I have been wondering about the F test that is provided by many statistical packages along with the standard regression output. As I understand it, F can be computed by

$$ F_{df_{reg},df_{res}} = \frac{R^2/df_{reg}}{(1-R^2)/df_{res}}. $$

The hypothesis tested by this test can be formulated in two different ways:

$H_{0}$: P$^2 = 0$

$H_{1}$: P$^2 > 0$


$H_{0}$: All $\beta_{i} = 0$

$H_{1}$: One or more $\beta_{i} \neq 0$

The first two hypotheses seem to suggest that the F test is one-tailed, which seems to be inline with my intuition since $R^2$ can not take negative values.

The second set of hypotheses, however, suggest two-tailed testing. They, to me, also seem to suggest a direct correspondence between the outcome of the F test for the entire model ($R^2$) and the t tests for the individual coefficients (which I know may not always be the case).

So my question comes down to this: Is the F test, testing whether a model explains a significant amount of variance compared to the null model, a one-tailed or a two-tailed test and why?

  • 2
    $\begingroup$ what is P$^2$ ? $\endgroup$ Apr 23 '14 at 10:43
  • $\begingroup$ As far as I know, F-tests are always two-tailed. I might be wrong of course, but I am pretty sure I am not. The reason is that they can only test equality restrictions, i.e. only $H_0: \hat\beta=\beta^0$ vs $H_1: \hat\beta \neq \beta^0$. In your example, only the second pair of hypotheses makes sense. $\endgroup$ Apr 23 '14 at 11:06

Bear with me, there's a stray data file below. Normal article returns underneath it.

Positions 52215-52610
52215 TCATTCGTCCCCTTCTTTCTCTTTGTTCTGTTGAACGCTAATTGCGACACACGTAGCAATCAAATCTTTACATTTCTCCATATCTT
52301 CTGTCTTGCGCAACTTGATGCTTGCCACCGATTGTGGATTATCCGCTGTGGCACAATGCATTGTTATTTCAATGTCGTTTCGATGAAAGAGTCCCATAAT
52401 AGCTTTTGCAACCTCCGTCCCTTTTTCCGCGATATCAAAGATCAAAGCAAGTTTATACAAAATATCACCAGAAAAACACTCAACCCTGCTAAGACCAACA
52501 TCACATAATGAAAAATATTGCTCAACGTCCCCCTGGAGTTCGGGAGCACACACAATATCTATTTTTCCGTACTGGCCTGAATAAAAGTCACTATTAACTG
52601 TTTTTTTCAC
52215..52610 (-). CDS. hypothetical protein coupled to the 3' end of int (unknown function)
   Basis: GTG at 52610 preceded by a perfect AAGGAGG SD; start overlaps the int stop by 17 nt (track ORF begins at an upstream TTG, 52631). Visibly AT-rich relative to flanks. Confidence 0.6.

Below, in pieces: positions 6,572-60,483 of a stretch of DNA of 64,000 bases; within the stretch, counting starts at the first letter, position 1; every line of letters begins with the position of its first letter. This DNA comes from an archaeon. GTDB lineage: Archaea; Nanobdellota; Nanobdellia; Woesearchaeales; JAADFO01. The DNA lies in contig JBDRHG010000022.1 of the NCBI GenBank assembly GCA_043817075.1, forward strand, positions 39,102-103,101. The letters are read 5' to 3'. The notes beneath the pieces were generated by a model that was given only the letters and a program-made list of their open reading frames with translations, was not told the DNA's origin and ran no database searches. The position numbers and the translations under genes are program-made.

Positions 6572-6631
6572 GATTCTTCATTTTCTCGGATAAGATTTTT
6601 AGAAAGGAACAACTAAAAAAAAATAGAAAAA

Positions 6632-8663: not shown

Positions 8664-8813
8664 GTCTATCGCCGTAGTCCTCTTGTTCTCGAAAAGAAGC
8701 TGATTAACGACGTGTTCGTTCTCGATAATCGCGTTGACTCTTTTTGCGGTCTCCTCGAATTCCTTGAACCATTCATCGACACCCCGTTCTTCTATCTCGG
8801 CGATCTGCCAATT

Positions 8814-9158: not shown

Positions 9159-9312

• 6
    $\begingroup$ @coffee F-tests are almost always one-tailed. The reason is that the null hypothesis of equal coefficients means that all variation is random, whereas under the alternate hypothesis there is an added component of variation arising from differences among the coefficients. That would cause the numerator only to increase. The other (left) tail corresponds to unusual consistency among the data. Fisher famously used it to suggest that Mendel's pea data were a little too good. $\endgroup$
    – whuber
    Apr 23 '14 at 14:03
  • $\begingroup$ @Stéphane Laurent P$^2$ is capital greek rho representing the population statistic of $R^2$. $\endgroup$
    – crsh
    Apr 23 '14 at 18:53
  • $\begingroup$ I stand corrected! Thanks @whuber. Note though that while we only use the upper tail of the distribution for the F-test, the hypothesis we are testing is two-sided. That is, at least in standard F-tests, we are testing $\hat\beta = 0$ vs $\hat\beta \neq 0$, i.e. we test whether the estimated coefficients are either smaller or larger than zero (or whatever your null is), i.e. we do not use the F-test to test $\hat\beta > 0$ or $\hat\beta < 0$ (at least in standard F-tests, special cases may exist). $\endgroup$ Apr 24 '14 at 21:37

I agree with using one sided test, the intuition is: If the model does correctly explain the variations (that is, rejection H0) then the R-Squared should be high with an obvious low 1 - R-Squared, therefore a pretty high F statistic (big number divided by small number = bigger number). However, if we were to be using a two sided test, when the F statistic is really low (that is a really small R-Squared), you might also reject H0, implying falsely the conclusion stated above. With a one sided test you avoid falling for that false conclusion.


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